Bardo, False Chronicle of a Handful of Truths

For his first movie in seven years, Oscar-winning director Alejandro González Iñárritu ponders the weight of being a filmmaker in a feature both spectacular and indulgent.
Sarah Ward
Published on November 17, 2022


UPDATE, December 16, 2022: Bardo, False Chronicle of a Handful of Truths screens in New Zealand cinemas from Thursday, November 17, and streams via Netflix from Friday, December 16.


Everyone wants to be the person at the party that the dance floor revolves around, and life in general as well, or so Alejandro González Iñárritu contends in Bardo, False Chronicle of a Handful of Truths. In one of the film's many spectacularly shot scenes — with the dual Best Director Oscar-winning Birdman and The Revenant helmer benefiting from astonishing lensing by Armageddon Time cinematographer Darius Khondji — the camera swirls and twirls around Silverio Gama (Daniel Giménez Cacho, Memoria), the movie's protagonist, making him the only person that matters in a heaving crowd. Isolated vocals from David Bowie's 'Let's Dance' boom, and with all the more power without music behind them, echoing as if they're only singing to Silverio. Iñárritu is right: everyone does want a moment like this. Amid the intoxicating visuals and vibe, he's also right that such instances are fleeting. And, across his sprawling and surreal 159-minute flick, he's right that such basking glory and lose-yourself-to-dance bliss can never be as fulfilling as anyone wants.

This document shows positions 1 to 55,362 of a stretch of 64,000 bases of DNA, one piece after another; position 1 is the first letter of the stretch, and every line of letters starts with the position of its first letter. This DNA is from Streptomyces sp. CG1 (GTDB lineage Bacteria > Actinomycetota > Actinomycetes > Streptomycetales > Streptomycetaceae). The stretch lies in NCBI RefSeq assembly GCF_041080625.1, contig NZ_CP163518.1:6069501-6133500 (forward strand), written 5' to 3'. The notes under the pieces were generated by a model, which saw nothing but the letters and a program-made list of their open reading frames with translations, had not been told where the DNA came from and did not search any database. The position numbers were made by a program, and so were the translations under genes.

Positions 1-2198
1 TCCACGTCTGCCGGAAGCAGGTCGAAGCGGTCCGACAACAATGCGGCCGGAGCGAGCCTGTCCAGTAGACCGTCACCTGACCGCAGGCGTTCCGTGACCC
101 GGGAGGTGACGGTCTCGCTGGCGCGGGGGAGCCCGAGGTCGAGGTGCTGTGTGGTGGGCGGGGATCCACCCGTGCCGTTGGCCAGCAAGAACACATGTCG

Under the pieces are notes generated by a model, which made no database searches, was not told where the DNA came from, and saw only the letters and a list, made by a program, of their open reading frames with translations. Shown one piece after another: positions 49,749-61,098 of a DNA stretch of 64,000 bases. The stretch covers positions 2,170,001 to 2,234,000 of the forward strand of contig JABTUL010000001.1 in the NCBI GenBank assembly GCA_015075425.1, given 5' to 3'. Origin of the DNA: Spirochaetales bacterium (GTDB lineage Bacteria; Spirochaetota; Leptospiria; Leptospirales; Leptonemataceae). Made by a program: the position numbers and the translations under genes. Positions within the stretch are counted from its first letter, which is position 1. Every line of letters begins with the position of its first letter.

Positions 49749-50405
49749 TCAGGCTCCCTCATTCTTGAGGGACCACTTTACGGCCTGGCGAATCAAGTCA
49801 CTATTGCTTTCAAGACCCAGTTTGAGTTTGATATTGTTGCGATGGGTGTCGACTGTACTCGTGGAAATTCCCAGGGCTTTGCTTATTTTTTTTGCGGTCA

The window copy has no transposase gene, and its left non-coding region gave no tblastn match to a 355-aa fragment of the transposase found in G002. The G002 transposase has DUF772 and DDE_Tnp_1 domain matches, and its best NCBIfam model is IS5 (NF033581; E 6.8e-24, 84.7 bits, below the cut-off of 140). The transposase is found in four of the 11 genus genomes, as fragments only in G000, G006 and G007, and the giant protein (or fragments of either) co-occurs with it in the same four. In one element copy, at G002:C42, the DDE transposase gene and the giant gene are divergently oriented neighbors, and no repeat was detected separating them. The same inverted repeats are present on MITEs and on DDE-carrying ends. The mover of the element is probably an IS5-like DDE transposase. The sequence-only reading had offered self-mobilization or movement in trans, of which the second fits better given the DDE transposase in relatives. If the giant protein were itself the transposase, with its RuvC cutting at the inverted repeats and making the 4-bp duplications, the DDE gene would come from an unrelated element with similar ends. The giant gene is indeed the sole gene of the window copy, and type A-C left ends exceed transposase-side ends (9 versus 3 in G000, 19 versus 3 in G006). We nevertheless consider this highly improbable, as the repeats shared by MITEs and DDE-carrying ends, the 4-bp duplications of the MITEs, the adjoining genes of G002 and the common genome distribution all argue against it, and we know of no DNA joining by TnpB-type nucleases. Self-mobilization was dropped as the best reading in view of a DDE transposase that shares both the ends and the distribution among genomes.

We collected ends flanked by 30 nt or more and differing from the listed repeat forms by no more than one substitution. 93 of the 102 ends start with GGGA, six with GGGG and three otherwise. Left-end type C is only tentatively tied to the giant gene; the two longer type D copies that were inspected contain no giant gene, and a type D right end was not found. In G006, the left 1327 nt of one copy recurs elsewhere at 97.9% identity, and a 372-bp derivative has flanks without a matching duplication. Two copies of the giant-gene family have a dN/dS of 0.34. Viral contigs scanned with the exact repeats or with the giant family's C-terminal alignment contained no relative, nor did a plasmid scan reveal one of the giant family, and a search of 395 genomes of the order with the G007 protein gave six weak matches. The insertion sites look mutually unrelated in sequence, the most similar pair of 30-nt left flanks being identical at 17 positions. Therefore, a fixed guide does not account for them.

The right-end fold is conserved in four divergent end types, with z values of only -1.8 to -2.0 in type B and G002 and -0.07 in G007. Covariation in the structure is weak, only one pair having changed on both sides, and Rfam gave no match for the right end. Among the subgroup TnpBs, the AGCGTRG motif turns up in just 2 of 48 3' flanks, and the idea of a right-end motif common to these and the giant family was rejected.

That sequence comes partway through Bardo, one of several that stun through sheer beauty and atmosphere, and that Iñárritu layers with the disappointment of being himself. Everyone wants to be the filmmaker with all the fame and success, breaking records, winning prestigious awards and conquering Hollywood, he also contends. Alas, when you're this Mexican director, that isn't as joyous or uncomplicated an experience as it sounds. On-screen, his blatant alter ego is a feted documentarian rather than a helmer of prized fiction. He's a rare Latino recipient of a coveted accolade, one of Bardo's anchoring events. He's known to make ambitious works with hefty titles — False Chronicle of a Handful of Truths is both the IRL movie's subtitle and the name of Silverio's last project — and he's been largely based in the US for decades. Yes, parallels abound.